Index:   Untitled A# - AG     Untitled AH - AM     Untitled AN - AO     Untitled AP - AZ
    Azidothymidine, also called RetrovirTM, zidovudine, or ZDV. The first antiretroviral (see) drug against HIV infection to be approved by the FDA (1987). A thymidine (RNA constituent) analog that suppresses replication of HIV. AZT is increasingly administered in combination with other antiviral drugs. Possible side effects include bone marrow suppression leading to anemia, leukopenia, or neutropenia; nausea; muscle weakness; and headaches. See Nucleoside Analog; Ribonucleic Acid.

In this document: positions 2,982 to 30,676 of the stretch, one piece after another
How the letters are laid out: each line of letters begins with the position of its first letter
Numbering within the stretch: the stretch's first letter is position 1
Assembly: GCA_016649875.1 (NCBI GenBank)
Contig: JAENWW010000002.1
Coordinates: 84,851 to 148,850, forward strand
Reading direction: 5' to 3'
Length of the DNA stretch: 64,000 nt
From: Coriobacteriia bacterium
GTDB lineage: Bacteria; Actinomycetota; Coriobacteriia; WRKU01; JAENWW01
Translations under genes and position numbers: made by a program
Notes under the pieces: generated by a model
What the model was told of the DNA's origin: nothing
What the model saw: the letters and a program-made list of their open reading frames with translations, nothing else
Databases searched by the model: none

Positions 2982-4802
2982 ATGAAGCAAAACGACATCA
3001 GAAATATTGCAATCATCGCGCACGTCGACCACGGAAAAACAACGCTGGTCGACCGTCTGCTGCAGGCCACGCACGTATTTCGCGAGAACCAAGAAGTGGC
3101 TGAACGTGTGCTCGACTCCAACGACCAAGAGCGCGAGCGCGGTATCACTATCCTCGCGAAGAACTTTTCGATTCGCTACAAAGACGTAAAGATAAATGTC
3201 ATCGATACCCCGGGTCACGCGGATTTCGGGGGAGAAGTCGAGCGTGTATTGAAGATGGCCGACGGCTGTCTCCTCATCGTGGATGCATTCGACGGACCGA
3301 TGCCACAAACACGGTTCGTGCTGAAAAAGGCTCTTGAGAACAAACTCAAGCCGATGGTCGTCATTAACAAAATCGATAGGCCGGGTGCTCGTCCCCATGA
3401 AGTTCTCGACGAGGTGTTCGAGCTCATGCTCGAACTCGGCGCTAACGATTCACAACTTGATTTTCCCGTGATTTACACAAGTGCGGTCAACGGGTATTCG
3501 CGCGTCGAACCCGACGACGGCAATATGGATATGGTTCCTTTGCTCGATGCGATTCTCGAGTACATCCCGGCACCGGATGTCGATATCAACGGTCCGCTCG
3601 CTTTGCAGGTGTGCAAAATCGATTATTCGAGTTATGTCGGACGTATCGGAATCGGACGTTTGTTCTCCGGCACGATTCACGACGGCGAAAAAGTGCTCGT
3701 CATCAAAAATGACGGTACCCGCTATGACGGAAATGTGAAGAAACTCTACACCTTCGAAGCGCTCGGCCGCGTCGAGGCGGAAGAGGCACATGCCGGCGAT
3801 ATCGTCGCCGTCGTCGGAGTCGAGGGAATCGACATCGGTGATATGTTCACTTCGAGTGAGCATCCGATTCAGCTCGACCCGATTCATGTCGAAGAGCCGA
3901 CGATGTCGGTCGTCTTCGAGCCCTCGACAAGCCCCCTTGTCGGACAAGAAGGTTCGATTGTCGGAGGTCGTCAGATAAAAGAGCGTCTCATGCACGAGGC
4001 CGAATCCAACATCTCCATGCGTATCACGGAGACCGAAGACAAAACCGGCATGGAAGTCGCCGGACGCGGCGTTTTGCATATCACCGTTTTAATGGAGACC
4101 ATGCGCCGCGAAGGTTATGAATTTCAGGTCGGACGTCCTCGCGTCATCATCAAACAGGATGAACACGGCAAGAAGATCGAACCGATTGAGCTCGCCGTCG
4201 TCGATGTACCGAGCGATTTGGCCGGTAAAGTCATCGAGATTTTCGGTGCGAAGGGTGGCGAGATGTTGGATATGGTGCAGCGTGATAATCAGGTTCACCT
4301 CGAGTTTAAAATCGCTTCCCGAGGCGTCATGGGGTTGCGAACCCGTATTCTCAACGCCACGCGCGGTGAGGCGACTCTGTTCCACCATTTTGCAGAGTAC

• AZT (Zidovudine [ZDV], Azidothymidine, Retrovir): SFAF
    a nucleoside (thymidine) analog drug that suppresses the replication of HIV by terminating DNA synthesis. AZT is FDA-approved for the treatment of HIV infection; current practice favors the use of AZT in combination with other antiretroviral drugs. AZT crosses the blood-brain barrier and may be effective against AIDS dementia complex. Adverse side effects include nausea, myopathy and bone marrow suppression.

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